Today, on the 47th anniversary of mankind’s arrival on the moon, I tend to get a little pensive. A Star Trek fan would instantly recognise the unsubtle nod to the show and perhaps ponder on the significance. Space and technology is but a tangential association, what I hope to achieve is draw your attention to how the watchmaking industry serves as a microcosm of human endeavour. From the first marine chronometers which allowed us to navigate the vast oceans to the Omega Speedmaster which allowed us to complete our mission to the moon, no other objet d’art has captured our imagination or driven mankind so forward as mechanical watchmaking.
From Earth to the Moon: Story of the Omega Speedmaster Moonwatch
There’s so much we know about the Omega Moonwatch and also so much unyet unpublished. We know of Armstrong’s Speedmaster left in the Lunar Module during Apollo 11 mission due to failure of the onboard timer but how many know that the Speedmaster was also used by Commander Lovell to time engine ignition (and safely return the crew to Earth) during the Apollo 13 disaster?
During my visit to the Omega Manufacture, Petros Protopapas, Historian and Head of the Omega Museum was on hand to walk us through the voyages of one of human history’s most storied watches of all time, the Omega Speedmaster (henceforth nicknamed the Moonwatch).
1957: Omega Pre-Professional
In 2006, viewers were treated to a James Bond prequel, Casino Royale. It was here that we were introduced to Bond as a freshly minted ’00’ agent. Its also here that we learn of his backstory – former SAS (British Special Air Services) and his choice of watch- Omega Seamaster Planet Ocean. It might seem like a digression but it’s an important point to make as the aesthetic cues of Bond’s Planet Ocean can be traced back all the way to the first Omega Seamaster 300 (dubbed sm300 by collectors) in 1957. Highly sought after today, the SM300 was based on mil-specs provided by British Ministry of Defence and truly, these watches were supplied to their elite forces, among them the SAS.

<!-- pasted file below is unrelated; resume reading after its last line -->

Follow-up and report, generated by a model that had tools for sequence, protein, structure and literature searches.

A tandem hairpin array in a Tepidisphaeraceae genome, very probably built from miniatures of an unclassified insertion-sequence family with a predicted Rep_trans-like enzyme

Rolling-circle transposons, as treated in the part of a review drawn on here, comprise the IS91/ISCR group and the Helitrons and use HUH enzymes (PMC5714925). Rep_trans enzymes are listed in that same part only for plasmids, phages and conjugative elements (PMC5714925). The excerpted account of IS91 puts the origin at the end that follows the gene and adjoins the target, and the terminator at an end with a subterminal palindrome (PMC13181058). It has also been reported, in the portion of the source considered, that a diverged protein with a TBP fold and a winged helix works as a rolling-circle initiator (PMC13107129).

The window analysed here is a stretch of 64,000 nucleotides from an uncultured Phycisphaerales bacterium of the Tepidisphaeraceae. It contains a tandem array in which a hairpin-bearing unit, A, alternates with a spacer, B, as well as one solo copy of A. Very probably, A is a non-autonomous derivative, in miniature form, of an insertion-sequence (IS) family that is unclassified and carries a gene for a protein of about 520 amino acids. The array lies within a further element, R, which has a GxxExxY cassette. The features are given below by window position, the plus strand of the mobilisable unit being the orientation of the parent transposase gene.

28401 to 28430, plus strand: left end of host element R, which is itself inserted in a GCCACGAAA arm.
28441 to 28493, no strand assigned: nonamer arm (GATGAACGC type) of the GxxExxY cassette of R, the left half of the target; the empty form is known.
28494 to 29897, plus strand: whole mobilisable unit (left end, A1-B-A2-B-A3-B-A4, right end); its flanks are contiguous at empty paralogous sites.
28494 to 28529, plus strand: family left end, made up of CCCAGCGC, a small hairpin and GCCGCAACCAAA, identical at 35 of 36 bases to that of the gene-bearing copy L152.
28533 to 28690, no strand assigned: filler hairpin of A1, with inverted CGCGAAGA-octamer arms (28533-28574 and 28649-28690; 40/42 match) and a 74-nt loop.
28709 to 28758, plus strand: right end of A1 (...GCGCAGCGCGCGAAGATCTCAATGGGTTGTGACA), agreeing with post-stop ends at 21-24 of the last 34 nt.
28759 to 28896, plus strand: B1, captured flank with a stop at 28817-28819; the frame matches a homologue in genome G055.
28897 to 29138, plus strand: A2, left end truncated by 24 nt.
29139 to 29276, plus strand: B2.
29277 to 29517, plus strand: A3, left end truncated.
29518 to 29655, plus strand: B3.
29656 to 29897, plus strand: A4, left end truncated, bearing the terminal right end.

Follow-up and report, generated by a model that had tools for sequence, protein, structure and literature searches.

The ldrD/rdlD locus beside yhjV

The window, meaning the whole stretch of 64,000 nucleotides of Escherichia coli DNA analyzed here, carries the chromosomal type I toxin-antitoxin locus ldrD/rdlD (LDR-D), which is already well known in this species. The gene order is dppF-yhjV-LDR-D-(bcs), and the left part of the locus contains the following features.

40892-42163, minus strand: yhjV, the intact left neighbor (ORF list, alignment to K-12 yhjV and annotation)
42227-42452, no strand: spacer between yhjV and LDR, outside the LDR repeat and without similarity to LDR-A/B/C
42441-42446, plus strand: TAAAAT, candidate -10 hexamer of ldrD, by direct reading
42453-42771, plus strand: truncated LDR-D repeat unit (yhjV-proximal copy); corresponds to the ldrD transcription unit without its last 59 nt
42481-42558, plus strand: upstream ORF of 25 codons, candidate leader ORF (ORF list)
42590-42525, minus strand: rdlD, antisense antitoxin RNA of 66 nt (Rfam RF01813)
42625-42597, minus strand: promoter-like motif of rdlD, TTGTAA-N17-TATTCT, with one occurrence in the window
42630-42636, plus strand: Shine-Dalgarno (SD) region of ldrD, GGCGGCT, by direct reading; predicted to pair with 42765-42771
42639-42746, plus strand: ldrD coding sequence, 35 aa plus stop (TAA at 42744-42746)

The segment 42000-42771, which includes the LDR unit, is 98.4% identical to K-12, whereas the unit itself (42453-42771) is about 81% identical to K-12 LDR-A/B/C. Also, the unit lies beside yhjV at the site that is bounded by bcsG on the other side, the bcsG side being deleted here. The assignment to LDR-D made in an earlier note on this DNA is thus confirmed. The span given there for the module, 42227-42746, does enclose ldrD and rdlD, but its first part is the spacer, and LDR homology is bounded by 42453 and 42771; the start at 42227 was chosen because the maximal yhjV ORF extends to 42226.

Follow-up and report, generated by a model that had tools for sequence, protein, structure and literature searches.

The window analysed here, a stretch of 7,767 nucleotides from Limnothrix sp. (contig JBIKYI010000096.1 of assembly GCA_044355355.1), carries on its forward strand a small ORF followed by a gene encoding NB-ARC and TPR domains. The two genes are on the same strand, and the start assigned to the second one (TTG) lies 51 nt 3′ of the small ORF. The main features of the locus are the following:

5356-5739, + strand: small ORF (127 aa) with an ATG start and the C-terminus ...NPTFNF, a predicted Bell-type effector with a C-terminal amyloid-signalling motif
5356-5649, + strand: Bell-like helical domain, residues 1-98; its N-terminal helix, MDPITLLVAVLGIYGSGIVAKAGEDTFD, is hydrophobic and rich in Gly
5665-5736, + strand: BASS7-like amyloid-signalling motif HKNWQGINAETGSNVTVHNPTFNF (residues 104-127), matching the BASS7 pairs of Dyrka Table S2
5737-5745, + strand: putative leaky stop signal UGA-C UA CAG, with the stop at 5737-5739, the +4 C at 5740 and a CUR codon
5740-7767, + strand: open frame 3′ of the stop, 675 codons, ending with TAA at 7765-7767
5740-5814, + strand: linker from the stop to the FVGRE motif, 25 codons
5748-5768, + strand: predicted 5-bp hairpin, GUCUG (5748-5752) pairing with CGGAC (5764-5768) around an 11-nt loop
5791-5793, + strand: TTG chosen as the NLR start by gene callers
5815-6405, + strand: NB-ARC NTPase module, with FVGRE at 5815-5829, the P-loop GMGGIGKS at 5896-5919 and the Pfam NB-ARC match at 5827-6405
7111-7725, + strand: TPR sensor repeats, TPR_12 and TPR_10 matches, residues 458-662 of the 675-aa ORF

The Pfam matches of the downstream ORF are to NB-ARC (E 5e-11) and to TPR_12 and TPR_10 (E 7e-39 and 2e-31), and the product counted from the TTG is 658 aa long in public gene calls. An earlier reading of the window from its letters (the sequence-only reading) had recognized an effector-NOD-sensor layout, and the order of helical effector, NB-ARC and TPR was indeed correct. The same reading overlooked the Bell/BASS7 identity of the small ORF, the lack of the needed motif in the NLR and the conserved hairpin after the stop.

1957 can be considered a milestone year for Omega, as the brand was preparing to introduce “professional” watches which they defined as reliable timepieces for diving and daily use. After supplying over 100,000 watches to Allied Forces in World War II, Omega had collected a wealth of information on how to make robust water resistant and anti-magnetic watches; armed with that knowledge, they also introduced the Speedmaster.
But it’s one thing to have the knowledge of warp theory, one must also have access to materials to make a warp engine. In this case, it was Lemania who supplied Omega with the perfect chronograph movement; the 27CH12 which Omega then modified into the Cal. 321, the beating heart which powered Seamaster and Speedmaster chronographs of the day.
That said, pre-1950s chronographs had the tendency to wear a little thicker because you needed to make a dial a little bigger to accommodate the additional tachymeter, that meant that case thickness would proportionally increase as well. But Omega’s obsession with creating a ‘professional’ watch meant figuring out how to include the soft-iron anti-magnetic inner case without adding additional thickness. In essence, watch designers had to think outside the box. Which they literally did.
In a world’s first, Omega designed a tachymeter to be placed on the bezel rather than inside on the dial. Armed with the perfect calibre and now the perfect design, Manufacture Omega set about on showing the world what a true daily beater would be.
1962: The Right Stuff and requiring the Right Watch
Before Apollo, NASA began the fledgling space program with the “Mercury” missions. If you have ever served in a uniformed corps. (or at least watched a movie with uniformed personnel), you’d be aware of the two different sets of equipment: the first being ‘standard issue’, the other being whatever equipment veterans had deemed useful in executing the responsibilities and roles of the job; in this case, the original Mercury astronauts, being the pioneers of the space program, didn’t really have ‘standard issue’ so they approached Program Director Donald “Deke” Slayton.